Sᴜɴʀɪsᴇ Oᴀᴛʜ

Epistemology 1999 | Issue 1

  1. Experimented and created.
  2. Know this, you know who robs you of sight.

There once was an older girl, a younger woman, who saved me.

On her good advice, I quit my job. I gave my notice at summer’s end, and Alain set me free from Génoise et Thé. “You can’t be kept, mon gars.” He patted my shoulder, and we shook hands, a parting between men. Waiting outside, Selene took off her sunglasses and dabbed her eyes.

I cleaned my room, fussing over details she fixed sooner and better. The curator was a lovely guest, bringing gifts and Charlotte. We were in bright humor from the change in the season, the shift in the wind. I did well as a host, as a man. I shaved my face, brushed my teeth, wore my shirt, and owned my life.

At the Old Port, we sat on a bench. She spoke, and I learned. I asked, she asked further. We leaned into mystery, and tackled the snake, fang and venom, as it was. 

The questions multiplied, as she said they would. Questions — at the café, a glum place for me as a customer; at ritzy establishments around the city, places where she sought secrets and traded la bise with socialites, a trace of summer fever in her fashion; in the metro, on the last train of the night; in the calm of our chaste slumber, as I lay awake with her dreaming at my side, mouth open but a sliver.

So terrifying were the answers, I should never fall to sleep with a drop of her insight. I was glad, so glad to not sleep. It was the longest September, the best of my life. I soon forgot my sunrise oath, the promise made in early July.

A day before she left, marking a sudden end, was the one time she stood us up. Charlotte and I mused on epistemology over Alain’s coffee, and parted on the hour.

Later, the curator came in without knocking. Her tone commanded: “The place around the corner, my tab.”

She dressed the same, yet seemed not herself. I stood, and warned her to look away. I changed, and her sad eyes looked not away. Ah — they were a new color. 

At Bar des Pins, sipping a gin and tonic, I regarded her, mentor and patron. She called the waiter in French, and touched my arm.

“Do you ever feel like life is so short, you might miss it? So short, I never knew it was over.” She noticed her slip, and drank from the glass bottle I pushed to her. Selene was a stranger from a distant land, unraveling traveler in our midst, her blouse revealing what the heart was ashamed to know.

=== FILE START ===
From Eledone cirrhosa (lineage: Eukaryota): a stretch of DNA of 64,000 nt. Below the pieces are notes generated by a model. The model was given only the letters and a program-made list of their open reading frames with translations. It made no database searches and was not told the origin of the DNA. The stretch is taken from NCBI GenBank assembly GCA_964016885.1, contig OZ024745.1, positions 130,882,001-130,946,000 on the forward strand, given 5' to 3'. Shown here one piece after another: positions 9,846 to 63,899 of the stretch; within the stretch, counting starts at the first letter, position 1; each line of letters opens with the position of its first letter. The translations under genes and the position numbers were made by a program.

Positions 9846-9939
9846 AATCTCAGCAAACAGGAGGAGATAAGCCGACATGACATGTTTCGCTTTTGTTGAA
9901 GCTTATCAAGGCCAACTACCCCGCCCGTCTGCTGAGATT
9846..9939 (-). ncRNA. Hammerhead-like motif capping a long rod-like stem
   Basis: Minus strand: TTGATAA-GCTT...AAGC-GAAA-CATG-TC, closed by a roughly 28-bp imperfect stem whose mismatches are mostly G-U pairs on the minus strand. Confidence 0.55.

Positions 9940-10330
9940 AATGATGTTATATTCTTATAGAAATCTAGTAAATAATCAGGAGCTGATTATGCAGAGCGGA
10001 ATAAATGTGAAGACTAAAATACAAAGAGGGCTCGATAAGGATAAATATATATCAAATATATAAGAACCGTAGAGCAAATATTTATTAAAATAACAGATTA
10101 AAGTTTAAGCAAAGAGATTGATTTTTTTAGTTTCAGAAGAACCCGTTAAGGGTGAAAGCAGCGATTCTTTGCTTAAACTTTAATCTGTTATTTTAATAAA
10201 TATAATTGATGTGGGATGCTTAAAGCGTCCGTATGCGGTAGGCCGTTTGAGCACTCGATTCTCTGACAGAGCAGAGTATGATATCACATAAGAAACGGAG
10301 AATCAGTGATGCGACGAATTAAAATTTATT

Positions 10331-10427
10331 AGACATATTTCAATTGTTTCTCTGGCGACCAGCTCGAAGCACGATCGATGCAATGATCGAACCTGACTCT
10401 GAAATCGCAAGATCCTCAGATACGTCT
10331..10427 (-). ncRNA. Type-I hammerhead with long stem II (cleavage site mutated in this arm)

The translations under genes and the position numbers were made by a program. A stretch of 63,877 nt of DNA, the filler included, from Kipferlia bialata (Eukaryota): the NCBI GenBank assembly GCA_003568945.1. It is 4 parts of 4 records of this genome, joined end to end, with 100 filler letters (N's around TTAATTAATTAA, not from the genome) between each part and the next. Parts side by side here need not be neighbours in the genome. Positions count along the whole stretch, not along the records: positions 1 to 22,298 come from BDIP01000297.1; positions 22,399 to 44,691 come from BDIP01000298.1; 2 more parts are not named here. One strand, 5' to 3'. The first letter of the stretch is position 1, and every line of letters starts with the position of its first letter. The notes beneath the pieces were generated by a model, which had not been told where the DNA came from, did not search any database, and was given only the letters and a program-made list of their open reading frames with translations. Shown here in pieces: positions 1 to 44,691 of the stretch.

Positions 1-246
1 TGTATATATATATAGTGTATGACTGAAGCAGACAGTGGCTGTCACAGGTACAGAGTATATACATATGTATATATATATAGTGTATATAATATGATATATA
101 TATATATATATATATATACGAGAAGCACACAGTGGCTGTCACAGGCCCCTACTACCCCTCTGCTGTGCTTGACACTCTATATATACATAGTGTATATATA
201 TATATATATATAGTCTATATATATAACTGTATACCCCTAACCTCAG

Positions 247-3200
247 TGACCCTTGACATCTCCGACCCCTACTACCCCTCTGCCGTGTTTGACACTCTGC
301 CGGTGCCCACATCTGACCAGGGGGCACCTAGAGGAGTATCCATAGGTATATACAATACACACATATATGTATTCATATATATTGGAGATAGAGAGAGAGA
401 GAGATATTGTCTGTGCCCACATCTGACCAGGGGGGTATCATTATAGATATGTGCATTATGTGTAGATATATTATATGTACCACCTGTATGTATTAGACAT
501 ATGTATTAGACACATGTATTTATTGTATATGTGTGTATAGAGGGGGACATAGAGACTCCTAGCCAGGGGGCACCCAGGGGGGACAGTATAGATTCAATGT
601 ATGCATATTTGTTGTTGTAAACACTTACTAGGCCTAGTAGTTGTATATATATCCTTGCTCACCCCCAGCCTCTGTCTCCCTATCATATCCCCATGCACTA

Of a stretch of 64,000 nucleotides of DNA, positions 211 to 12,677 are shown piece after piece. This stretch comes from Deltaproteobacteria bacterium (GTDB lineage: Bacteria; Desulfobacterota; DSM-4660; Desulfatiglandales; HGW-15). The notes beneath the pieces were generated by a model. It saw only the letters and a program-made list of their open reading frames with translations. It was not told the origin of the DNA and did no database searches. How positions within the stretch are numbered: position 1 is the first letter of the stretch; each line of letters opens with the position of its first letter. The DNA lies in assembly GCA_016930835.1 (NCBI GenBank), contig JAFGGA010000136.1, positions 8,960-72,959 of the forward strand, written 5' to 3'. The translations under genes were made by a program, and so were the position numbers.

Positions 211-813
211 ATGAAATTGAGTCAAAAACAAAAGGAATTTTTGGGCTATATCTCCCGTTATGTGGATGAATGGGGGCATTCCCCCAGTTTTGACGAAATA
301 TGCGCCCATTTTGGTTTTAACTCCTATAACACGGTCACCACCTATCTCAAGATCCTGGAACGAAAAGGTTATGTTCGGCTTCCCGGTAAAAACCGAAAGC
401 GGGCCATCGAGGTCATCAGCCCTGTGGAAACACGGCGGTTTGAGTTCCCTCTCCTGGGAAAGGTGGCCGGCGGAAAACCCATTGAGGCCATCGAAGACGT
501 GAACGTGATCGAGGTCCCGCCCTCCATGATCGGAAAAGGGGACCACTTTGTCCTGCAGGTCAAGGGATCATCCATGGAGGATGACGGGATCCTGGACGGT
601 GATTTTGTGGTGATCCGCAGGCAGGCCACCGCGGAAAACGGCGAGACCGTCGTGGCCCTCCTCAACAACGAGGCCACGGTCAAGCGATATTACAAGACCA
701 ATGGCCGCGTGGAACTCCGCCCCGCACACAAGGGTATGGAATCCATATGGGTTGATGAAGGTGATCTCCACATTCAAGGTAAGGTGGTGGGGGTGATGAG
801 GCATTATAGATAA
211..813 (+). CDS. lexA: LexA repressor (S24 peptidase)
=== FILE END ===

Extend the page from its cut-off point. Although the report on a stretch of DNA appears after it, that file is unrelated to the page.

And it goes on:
I cleared my throat, and tried — failed — to pull away. “You’re acting off.”

“Right?” A drop of Perrier ran down her chin. She wiped, hiccuped, sniffed. “I am awake. Life is but a dream.”

I paid with her card, and the tall wanderer leaned on my shoulder. We hobbled to my un et demi, tidy as I left it. She twirled, and kicked off her Converse sneakers. “Home, Gale Jones. Let us be merry!” A cackle bubbled, escaping her beautiful wide mouth. “The night is young.”

I held her, inches from an edge. “Let’s calm down. Come, sit.”

Her embrace threw me off balance. On my bed, collapsed and tangled with me, her whisper betrayed: “Thanks, but no thanks.”

She was on top, captivating me with frost and fire. She held her ponytail in disdain, narrowing her eyes.

“It all crashes down.”

A tug and a flick — like that, her hair tumbled. Bleached strands framed the milk-rose mask, the royal portrait leaning in. I stared at dark roots, short lashes, perfect teeth.

“My word to your word, my heart to your heart, my lips . . .”

A shy kiss, a brush.

J’ai baisé ta bouche.” She hummed, opened her eyes, and let a drop fall. “So it is bitter, the taste of love.”

Is that how it was always meant to be? So halting, soft, and burning? Was that the perfect first I could not keep, the one I see anew in every dream? I looked away. “We should stop.”

“Should we?” She sounded sure, yet her legs quivered as I thought of Bambi, of fawn and doe, of Louise. I was aroused, and awake.

“I want to stop.”

“Please.” Her smile, seductive and mature; her eyes, when were they ever so young? Those brown gems, free of color contacts, more than the false blue jewels I knew, revealed a maiden pure and innocent.

“Selene.” I pleaded, and knew not for what. But then, she threw up, cupped her mouth, and wept: 

Meaningless, said the Preacher. Meaningless.

written by
Gale Jones

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